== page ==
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Body/Language in the Works of Jenny Saville, Mira Schor, Lesley Dill and Katie Helms

Permanent Link: http://ncf.sobek.ufl.edu/NCFE003231/00001

Material Information

Title: Body/Language in the Works of Jenny Saville, Mira Schor, Lesley Dill and Katie Helms
Physical Description: Book
Language: English
Creator: Helms, Katie
Publisher: New College of Florida
Place of Publication: Sarasota, Fla.
Creation Date: 2003
Publication Date: 2003

Subjects

Subjects / Keywords: Art History
Gender Studies
Fine Arts
Genre: bibliography   ( marcgt )
theses   ( marcgt )
government publication (state, provincial, terriorial, dependent)   ( marcgt )
born-digital   ( sobekcm )
Electronic Thesis or Dissertation

Notes

Abstract: This project focuses on the work of Jenny Saville, Mira Schor, and Leslie Dill. These three body artists share a number of traits both in their ways of working and their use of language as visual image. In each case, the context of language is shifted from mind to body. All are informed by feminism and all are to some degree transgressive. Each artist employs discomfort to stimulate her viewer and incorporate his/her experience into the work. They all layer physical and linguistic experience to assert the influence that language has on our bodily existence. And all three emphasize their medium/materials to reiterate some bodily quality. Each artist inserts herself into the physical presence of the work either with selfportrait, mirrors, handwriting, or mark making. Saville, Schor, and Dill all use a dynamic combination of theoretical and artistic voices, which allows their work to respond to Elizabeth Grosz's call for a move towards corporeal feminism. Each of them critiques contemporary culture, resists the patriarchy, and transcends the category of body artist. In the final chapter I relate my own sculptural work to the work of these artists and discuss how they have influenced me both as an artist and as a feminist.
Statement of Responsibility: by Katie Helms
Thesis: Thesis (B.A.) -- New College of Florida, 2003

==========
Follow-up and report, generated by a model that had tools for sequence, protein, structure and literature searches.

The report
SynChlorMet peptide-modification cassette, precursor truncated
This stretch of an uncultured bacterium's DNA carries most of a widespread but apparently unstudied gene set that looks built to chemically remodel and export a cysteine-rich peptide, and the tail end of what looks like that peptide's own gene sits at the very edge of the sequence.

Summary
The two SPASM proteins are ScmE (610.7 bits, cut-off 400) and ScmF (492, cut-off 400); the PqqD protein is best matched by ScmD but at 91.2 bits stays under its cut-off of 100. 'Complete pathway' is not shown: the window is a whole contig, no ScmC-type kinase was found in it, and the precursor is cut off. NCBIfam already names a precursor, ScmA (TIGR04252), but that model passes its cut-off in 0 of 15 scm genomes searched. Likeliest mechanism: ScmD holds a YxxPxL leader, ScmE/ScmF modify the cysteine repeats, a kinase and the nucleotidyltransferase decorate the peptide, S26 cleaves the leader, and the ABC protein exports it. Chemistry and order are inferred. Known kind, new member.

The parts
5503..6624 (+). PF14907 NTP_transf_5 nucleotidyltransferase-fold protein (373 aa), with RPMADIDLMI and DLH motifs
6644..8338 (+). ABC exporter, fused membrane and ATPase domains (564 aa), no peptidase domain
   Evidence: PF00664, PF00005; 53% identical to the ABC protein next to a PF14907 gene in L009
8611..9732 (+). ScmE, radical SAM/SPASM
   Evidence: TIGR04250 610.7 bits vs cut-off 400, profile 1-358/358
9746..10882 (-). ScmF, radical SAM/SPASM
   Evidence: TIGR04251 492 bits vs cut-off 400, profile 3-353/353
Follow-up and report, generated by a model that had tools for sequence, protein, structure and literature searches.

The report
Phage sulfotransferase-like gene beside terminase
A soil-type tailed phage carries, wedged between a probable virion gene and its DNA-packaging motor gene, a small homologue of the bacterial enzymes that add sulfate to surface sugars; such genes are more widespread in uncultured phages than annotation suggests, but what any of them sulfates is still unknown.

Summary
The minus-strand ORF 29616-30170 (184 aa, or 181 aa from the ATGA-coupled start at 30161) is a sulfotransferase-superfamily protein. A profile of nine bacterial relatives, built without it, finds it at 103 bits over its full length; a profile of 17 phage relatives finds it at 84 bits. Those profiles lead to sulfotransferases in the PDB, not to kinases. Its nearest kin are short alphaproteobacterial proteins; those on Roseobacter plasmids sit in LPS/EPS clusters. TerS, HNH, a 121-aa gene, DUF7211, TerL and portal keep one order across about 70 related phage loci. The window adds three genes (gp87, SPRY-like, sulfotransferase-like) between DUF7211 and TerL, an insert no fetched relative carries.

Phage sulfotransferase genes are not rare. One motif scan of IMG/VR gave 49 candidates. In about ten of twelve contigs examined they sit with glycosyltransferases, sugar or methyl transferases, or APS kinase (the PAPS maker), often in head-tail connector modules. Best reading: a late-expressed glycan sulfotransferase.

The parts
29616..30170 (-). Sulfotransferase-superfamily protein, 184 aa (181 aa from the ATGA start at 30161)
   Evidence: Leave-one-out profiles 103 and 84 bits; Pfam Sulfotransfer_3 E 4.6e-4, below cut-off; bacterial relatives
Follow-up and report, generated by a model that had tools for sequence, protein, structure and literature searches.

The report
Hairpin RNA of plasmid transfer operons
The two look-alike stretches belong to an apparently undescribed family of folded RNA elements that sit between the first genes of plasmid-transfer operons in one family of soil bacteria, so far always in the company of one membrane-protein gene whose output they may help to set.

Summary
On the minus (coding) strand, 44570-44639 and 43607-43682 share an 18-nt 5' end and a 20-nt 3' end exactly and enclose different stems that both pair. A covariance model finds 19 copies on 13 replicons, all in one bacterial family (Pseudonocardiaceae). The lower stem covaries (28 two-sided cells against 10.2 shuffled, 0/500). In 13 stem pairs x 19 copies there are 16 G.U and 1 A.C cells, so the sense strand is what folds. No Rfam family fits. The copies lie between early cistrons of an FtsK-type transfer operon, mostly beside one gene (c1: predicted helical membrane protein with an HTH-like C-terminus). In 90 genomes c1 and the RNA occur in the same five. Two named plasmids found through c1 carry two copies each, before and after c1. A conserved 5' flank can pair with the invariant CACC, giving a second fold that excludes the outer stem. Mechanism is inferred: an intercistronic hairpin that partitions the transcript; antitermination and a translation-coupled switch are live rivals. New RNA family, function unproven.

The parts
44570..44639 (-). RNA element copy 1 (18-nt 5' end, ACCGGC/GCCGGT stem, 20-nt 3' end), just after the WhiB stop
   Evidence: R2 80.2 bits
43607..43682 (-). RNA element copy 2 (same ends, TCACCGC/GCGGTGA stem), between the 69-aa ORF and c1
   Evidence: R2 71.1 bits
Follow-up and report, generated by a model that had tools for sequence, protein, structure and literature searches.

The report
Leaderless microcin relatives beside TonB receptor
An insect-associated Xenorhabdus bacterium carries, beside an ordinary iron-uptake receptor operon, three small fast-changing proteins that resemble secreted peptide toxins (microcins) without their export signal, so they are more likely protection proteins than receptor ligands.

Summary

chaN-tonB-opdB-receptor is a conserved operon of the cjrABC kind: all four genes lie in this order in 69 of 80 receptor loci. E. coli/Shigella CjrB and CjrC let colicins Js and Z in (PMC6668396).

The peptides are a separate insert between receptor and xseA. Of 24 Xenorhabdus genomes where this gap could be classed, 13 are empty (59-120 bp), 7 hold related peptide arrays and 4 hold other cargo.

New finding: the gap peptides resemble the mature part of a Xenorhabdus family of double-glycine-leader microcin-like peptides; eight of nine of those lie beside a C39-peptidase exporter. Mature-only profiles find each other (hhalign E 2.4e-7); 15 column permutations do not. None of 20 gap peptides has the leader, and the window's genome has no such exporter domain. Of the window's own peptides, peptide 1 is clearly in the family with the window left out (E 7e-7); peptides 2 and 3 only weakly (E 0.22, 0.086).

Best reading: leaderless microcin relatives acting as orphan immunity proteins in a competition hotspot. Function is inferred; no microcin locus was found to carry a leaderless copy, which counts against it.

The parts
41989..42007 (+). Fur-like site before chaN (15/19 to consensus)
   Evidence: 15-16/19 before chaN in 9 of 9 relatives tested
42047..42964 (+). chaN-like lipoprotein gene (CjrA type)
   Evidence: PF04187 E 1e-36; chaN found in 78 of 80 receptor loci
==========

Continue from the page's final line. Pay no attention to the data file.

Electronic Access: RESTRICTED TO NCF STUDENTS, STAFF, FACULTY, AND ON-CAMPUS USE
Bibliography: Includes bibliographical references.
Source of Description: This bibliographic record is available under the Creative Commons CC0 public domain dedication. The New College of Florida, as creator of this bibliographic record, has waived all rights to it worldwide under copyright law, including all related and neighboring rights, to the extent allowed by law.
Local: Faculty Sponsor: Hassold, Cris

Record Information

Source Institution: New College of Florida
Holding Location: New College of Florida
Rights Management: Applicable rights reserved.
Classification: local - S.T. 2003 H4
System ID: NCFE003231:00001

Permanent Link: http://ncf.sobek.ufl.edu/NCFE003231/00001

Material Information

Title: Body/Language in the Works of Jenny Saville, Mira Schor, Lesley Dill and Katie Helms
Physical Description: Book
Language: English
Creator: Helms, Katie
Publisher: New College of Florida
Place of Publication: Sarasota, Fla.
Creation Date: 2003
Publication Date: 2003

Subjects

Subjects / Keywords: Art History
Gender Studies
Fine Arts
Genre: bibliography   ( marcgt )
theses   ( marcgt )
government publication (state, provincial, terriorial, dependent)   ( marcgt )
born-digital   ( sobekcm )
Electronic Thesis or Dissertation

Notes

Abstract: This project focuses on the work of Jenny Saville, Mira Schor, and Leslie Dill. These three body artists share a number of traits both in their ways of working and their use of language as visual image. In each case, the context of language is shifted from mind to body. All are informed by feminism and all are to some degree transgressive. Each artist employs discomfort to stimulate her viewer and incorporate his/her experience into the work. They all layer physical and linguistic experience to assert the influence that language has on our bodily existence. And all three emphasize their medium/materials to reiterate some bodily quality. Each artist inserts herself into the physical presence of the work either with selfportrait, mirrors, handwriting, or mark making. Saville, Schor, and Dill all use a dynamic combination of theoretical and artistic voices, which allows their work to respond to Elizabeth Grosz's call for a move towards corporeal feminism. Each of them critiques contemporary culture, resists the patriarchy, and transcends the category of body artist. In the final chapter I relate my own sculptural work to the work of these artists and discuss how they have influenced me both as an artist and as a feminist.
Statement of Responsibility: by Katie Helms
Thesis: Thesis (B.A.) -- New College of Florida, 2003
Electronic Access: RESTRICTED TO NCF STUDENTS, STAFF, FACULTY, AND ON-CAMPUS USE
Bibliography: Includes bibliographical references.
Source of Description: This bibliographic record is available under the Creative Commons CC0 public domain dedication. The New College of Florida, as creator of this bibliographic record, has waived all rights to it worldwide under copyright law, including all related and neighboring rights, to the extent allowed by law.
Local: Faculty Sponsor: Hassold, Cris

Record Information

Source Institution: New College of Florida
Holding Location: New College of Florida
Rights Management: Applicable rights reserved.
Classification: local - S.T. 2003 H4
System ID: NCFE003231:00001

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